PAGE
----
The run up to Christmas should be a time of merriment and celebration, a time to spend with family and friends and a time to attend religious festivals. Instead, I’m stood in the middle of a stuffy department store, overwhelmed by pink labelled deals and offers and crying children and stressed mothers and the distant smell of mince pies handed to customers who spend copiously on presents. The whole shopping experience was overwhelming and migraine inducing.
It turns out that UK parents are splashing the cash like never before. A survey by bobatoo.co.uk found that the average sum spent on Christmas presents in 2017 was an eyewatering £500-700. This queasy figure begs the question: Has Christmas become a retail festival?
This year I have tried to shop as mindfully and ethically as I can and have found the process to be a lot less stressful and surprisingly quite enjoyable. Buying ethically encourages you to think about where your present has come from, the person who made it, where the materials/ingredients were sourced and how they are contributing to the planet.
The first port of call was wrapping paper. The sustainable and dead-cheap alternative that I have chosen is brown paper. It seemed like a no-brainer to me as it is minimalistic and can be decorated with all sorts of wonderful threads and fabric ribbons. It’s ethically-sourced too.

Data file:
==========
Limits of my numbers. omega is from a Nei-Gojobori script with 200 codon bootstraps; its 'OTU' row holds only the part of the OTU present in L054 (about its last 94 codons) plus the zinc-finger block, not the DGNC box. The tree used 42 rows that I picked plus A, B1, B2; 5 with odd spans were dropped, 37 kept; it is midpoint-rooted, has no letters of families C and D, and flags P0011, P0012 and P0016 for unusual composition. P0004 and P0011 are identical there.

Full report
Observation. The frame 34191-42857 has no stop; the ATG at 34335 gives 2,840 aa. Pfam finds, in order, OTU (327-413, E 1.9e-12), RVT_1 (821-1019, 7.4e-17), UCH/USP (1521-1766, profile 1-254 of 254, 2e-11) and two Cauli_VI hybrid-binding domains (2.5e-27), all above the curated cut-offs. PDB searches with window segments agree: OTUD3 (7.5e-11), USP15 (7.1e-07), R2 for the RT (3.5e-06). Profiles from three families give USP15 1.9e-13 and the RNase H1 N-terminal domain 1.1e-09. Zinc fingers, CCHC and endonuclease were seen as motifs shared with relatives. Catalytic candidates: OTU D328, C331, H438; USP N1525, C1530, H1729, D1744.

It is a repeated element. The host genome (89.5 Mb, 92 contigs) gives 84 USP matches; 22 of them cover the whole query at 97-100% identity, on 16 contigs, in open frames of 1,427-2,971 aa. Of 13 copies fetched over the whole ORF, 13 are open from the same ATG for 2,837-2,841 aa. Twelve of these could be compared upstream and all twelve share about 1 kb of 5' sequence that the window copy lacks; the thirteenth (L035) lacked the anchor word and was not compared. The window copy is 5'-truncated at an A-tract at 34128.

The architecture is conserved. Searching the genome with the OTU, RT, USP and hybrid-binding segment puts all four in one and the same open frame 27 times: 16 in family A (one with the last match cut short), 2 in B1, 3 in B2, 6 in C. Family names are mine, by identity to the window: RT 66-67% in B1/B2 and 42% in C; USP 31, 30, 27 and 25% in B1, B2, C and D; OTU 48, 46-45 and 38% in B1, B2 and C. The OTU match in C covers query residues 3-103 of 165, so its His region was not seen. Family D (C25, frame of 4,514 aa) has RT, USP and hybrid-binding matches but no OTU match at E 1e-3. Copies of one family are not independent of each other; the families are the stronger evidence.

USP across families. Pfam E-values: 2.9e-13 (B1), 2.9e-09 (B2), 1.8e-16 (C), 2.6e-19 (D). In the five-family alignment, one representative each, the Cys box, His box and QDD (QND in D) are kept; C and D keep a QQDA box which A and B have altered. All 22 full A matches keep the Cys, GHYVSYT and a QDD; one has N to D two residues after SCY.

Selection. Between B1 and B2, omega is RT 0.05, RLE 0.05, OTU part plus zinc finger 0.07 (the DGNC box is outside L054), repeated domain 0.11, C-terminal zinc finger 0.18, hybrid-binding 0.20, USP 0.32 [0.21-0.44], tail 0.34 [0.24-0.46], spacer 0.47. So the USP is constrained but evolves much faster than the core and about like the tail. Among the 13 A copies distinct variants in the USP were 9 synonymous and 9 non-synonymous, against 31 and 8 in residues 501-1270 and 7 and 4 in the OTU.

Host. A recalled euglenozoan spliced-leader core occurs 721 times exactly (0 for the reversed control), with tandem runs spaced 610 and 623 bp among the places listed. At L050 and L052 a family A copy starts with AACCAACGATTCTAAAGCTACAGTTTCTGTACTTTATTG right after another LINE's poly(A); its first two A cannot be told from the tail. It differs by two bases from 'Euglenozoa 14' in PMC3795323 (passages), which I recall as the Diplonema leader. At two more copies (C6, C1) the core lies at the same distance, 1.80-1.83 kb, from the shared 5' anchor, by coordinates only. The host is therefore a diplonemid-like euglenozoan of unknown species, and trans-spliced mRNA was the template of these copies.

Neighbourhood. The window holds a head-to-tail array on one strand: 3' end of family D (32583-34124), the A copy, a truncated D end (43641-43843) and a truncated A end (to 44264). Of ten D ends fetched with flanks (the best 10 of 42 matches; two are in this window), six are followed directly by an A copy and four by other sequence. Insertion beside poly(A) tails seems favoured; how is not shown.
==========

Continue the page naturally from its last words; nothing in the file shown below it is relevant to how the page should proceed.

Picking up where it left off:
The next decision was where to shop. With an abundance of online marketplaces and shopping malls, I have decided to support independent and local businesses, whether they are online or in the streets of London. A few of my most visited online stores with varying price points are: Lucy & Yak, Ethical.Market, GLOW, Birdsong London and Oxfam Online. All of these brands are ethical to the core and all have strong social responsibilities. And a few of my high street recommendations are: second hand shops/vintage shops, Soap & Co, Arthouse Unlimited and LUSH.
Finally, and perhaps the most important pointer is thinking about QUALITY over QUANTITY. In order to shop with an awareness of our fragile planet, we need to be mindful about not over-buying gifts, buying ‘throw-away’ tat or buying gifts of little quality. All the brands recommended above sell quality products with a mind to their workers, their supply chains and the environment.
With two weeks left until the Big Day, don’t rush, please don’t buy useless tat and instead use that money to invest in a brand with a cracking social responsibility stance – I promise that you will feel better for it.